After six years, PlayStation has officially announced their next console's name, controller, release and other details.
We've known about the "PlayStation 5" for a while now. It's technical specs have been detailed in the months prior. But Sony never actually gave us any info about the upcoming console. Not even the name. Well no longer. A recent post on the official PlayStation Blog reveals not just the name of their next console, but the release window, the controller, and some other new details.
First of all: yes, it's officially called the PlayStation 5. Sony is opting for the classic pattern of counting upward instead of the competition's trend of using random words. (Though to be fair, the Nintendo Switch makes sense.)
The PS5 isn't far away, either. It's currently marked for a release during "Holiday 2020." This makes sense, given that the next Xbox, the Scarlett is set to release at the same time frame.
The same post also goes into new detail about the controller the console will use. While they don't call it the Dualshock 5, that's what we will refer to it as until an official name is revealed.
They specifically mentioned two new features the controllers will have. The first was a new kind of haptic feedback, AKA better rumble. The controllers will use a form of high-resolution haptic feedback to create more immersive sensations while playing. This is similar to the HD Rumble feature promoted in the Nintendo Switch Joy-Cons.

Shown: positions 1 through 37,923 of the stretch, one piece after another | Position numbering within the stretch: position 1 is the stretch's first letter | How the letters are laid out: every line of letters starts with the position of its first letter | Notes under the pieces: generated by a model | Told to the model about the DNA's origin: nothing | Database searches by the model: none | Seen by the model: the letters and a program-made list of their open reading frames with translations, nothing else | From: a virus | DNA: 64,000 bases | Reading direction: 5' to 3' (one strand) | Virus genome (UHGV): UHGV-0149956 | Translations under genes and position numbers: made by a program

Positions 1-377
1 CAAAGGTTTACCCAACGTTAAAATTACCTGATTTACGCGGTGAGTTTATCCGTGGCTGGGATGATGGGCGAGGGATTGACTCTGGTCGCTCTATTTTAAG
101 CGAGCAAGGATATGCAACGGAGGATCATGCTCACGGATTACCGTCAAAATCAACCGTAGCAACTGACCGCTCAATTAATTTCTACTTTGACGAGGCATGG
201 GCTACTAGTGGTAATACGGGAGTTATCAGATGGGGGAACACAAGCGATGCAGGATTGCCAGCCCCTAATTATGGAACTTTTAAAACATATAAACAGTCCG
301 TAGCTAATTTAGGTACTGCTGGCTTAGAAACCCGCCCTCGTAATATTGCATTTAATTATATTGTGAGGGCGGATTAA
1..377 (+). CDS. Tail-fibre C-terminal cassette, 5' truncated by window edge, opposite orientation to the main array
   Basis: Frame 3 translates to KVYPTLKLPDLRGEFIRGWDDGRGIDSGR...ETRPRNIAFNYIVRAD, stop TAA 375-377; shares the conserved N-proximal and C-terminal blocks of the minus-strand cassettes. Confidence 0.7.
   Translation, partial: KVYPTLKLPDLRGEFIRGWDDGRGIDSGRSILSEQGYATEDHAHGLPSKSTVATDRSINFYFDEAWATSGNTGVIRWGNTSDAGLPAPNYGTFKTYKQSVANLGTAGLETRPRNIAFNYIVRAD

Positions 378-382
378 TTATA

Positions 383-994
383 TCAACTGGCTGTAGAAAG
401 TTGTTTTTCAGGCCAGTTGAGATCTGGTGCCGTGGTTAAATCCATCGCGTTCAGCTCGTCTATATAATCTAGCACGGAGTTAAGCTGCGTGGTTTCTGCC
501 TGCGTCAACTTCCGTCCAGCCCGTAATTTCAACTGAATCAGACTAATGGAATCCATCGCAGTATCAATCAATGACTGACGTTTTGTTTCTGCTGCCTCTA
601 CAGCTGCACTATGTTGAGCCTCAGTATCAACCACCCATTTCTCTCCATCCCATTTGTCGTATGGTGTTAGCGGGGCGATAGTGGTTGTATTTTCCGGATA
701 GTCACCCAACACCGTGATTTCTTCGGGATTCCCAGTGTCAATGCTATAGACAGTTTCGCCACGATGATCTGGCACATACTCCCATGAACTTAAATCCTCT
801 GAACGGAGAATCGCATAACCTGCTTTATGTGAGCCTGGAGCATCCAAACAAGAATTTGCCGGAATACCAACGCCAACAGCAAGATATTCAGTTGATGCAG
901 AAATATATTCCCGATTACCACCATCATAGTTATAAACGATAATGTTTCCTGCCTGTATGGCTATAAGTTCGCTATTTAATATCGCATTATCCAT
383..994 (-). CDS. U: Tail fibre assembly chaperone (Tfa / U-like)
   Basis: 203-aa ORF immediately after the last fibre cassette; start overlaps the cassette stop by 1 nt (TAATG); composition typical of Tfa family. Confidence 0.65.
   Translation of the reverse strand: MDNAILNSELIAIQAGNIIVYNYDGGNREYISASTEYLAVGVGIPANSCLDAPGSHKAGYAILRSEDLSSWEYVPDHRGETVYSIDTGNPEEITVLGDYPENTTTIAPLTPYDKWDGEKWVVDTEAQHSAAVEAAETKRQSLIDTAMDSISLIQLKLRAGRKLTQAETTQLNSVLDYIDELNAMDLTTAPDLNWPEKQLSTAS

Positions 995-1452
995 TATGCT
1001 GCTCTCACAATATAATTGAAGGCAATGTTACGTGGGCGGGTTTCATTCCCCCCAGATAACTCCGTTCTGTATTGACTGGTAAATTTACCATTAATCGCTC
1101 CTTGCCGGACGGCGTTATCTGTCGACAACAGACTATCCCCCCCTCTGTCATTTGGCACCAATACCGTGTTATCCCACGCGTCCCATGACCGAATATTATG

The second, more interesting feature is in the triggers. The L2 and R2 buttons have been given adaptive strength. This means that developers can control how hard or easy it would be to pull the trigger. This would allow more interesting feedback, which varies based on the task at hand. Though certain members of the disabled gaming community have shown unease about the feature, hoping it will be an optional setting.
All in all, Sony appears to be ready for some healthy market competition next year. If they continue to open up to crossplay support, then Xbox might have a run for their money.